The fixed exchange rate, also known as pegged exchange rate is that exchange rate where the value of currency is paired with another currency’s value or a group of currencies. It is usually adopted with a mind to have a stabilizing effect on the value of domestic currency against foreign currencies. It simplifies issues of international trade between two countries as expectations are more or less defined. Within limits, it is also a tool for control of inflation. It also restricts governments from manipulating domestic policy to serve the requirements for economic stability on a macro level.
So how does a government maintain a fixed exchange rate? Usually a government achieves this by simply trading its currency on the international market. This explains the need for governments to keep a stock of foreign currency. What usually takes place here is a kind of speculation game by the government. If the exchange rate drops, then the government purchases its own currency and uses it as a reserve. This creates a demand for that particular currency and it increases the price. If the exchange rates rise then the government sells its currency which results in an increase in its foreign reserves.
Another method of maintaining exchange rates by governments is by monopolizing the rate by making trading of currency at any other rate illegal. Even though this practice gives rise to a black market, several countries have had considerable success by adopting this system. China is a good example of a country which has managed to maintain a monopoly on its currency rate.
Although Fixed Exchange Rate Regimes are designed to have a stabilizing influence on governments, there are several criticisms leveled against this system. A few of them are as follows:
Capital control is the monetary policy of a country to regulate the flow of capital in and out of the country. It is a restriction on free movement of capital. Capital control is basically a device meant to dampen volatility in capital markets. This is mainly intended to control the spikes which may occur in capital markets which can be damaging to the economy on the whole. Capital control may be exercised on inflows or outflows, depending on where the priority lies. According to the IMF, most countries place controls on inflows as a response to the abnormal growth of certain sectors in the country. These controls are placed in areas where the foreign exchange reserves of the country are at risk of getting depleted.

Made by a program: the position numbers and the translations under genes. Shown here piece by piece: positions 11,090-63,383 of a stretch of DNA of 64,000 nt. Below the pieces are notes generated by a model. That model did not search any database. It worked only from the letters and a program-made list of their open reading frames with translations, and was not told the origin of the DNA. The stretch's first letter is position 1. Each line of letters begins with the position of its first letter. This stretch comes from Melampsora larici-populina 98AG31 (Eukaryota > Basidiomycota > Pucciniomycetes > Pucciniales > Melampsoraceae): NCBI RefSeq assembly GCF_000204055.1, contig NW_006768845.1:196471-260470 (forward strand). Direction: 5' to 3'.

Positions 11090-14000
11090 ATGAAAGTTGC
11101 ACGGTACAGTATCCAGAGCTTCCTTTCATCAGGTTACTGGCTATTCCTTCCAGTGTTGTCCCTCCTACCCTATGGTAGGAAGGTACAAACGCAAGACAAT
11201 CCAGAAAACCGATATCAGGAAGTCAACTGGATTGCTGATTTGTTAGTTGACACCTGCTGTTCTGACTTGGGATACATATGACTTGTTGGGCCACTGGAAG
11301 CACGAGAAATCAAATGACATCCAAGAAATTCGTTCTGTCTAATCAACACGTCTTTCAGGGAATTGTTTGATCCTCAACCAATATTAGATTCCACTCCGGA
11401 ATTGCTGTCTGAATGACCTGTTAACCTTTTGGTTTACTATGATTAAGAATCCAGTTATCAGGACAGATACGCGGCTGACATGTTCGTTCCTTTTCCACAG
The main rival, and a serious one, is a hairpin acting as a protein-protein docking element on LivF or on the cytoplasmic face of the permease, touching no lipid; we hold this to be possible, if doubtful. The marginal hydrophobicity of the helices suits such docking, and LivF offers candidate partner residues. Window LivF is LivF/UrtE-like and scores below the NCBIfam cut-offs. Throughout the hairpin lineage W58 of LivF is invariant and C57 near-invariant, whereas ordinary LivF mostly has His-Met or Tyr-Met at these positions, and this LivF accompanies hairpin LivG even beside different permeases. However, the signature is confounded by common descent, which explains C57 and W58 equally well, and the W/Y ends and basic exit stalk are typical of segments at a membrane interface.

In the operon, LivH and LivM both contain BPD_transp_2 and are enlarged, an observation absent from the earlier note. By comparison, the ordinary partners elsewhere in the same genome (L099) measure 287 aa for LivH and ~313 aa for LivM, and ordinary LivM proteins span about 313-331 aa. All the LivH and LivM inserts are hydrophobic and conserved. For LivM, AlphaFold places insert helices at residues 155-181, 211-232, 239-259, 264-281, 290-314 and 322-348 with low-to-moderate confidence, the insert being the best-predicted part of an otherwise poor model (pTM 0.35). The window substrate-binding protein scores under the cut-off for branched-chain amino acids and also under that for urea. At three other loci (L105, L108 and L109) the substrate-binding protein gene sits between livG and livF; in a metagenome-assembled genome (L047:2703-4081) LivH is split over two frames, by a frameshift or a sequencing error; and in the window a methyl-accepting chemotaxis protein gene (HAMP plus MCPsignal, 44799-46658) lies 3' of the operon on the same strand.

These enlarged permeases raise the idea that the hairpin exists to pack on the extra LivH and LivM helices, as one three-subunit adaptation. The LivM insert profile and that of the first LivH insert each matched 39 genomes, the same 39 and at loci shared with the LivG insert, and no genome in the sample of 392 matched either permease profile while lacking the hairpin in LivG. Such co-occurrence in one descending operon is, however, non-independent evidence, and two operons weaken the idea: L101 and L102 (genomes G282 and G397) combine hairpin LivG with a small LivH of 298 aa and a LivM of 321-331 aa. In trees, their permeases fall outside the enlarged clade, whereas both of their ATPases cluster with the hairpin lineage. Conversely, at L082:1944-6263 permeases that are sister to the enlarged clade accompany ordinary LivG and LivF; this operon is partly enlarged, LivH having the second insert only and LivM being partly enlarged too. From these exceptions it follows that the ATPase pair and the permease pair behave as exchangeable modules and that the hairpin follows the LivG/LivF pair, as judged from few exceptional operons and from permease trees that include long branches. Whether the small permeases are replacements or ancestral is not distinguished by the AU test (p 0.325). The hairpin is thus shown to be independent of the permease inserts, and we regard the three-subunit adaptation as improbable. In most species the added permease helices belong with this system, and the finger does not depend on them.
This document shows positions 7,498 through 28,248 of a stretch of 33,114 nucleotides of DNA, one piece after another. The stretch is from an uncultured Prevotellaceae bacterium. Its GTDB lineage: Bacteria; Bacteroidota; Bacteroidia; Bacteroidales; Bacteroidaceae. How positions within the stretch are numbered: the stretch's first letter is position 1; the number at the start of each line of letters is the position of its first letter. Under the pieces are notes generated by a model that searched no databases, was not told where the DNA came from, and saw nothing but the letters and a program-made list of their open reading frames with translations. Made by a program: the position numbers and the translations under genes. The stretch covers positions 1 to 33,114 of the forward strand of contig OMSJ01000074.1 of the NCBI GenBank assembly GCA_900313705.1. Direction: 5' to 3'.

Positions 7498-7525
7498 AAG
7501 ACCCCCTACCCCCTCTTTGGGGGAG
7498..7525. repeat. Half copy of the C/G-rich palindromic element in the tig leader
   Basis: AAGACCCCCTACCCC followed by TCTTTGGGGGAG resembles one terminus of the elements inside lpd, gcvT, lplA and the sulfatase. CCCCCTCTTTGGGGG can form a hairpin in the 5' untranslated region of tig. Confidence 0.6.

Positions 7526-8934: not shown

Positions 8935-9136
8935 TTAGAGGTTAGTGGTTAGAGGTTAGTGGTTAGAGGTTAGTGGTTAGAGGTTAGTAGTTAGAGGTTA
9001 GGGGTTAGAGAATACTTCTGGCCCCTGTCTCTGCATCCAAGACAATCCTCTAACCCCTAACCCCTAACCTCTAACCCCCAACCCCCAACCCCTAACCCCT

It is not entirely true that the fixed exchange regime facilitates stability. This system can invite “speculative attacks” in the economy by unscrupulous traders and the only means of controlling this is through the system of capital control. In this context, we should consider a fixed rate regime as part of capital control.
A good example is that of China, where, since 1996, free exchange was permitted in respect to current account transactions. So while both the systems have their advantages and disadvantages, it could be concluded that a balanced combination of both systems is paramount to the healthy economic growth of a country.
It becomes apparent that governments need to exercise some control on money markets if any element of fair play is be maintained. Moreover, historically speaking, the Great Depression of 1929-30 bears witness to the extent of economic damage possible as a consequence of governments neglecting to monitor money markets efficiently. Similarly, the recent recession also demonstrates that money markets cannot be allowed to grow without any checks and balances – some control has to be applied if economies are to grow in a healthy way.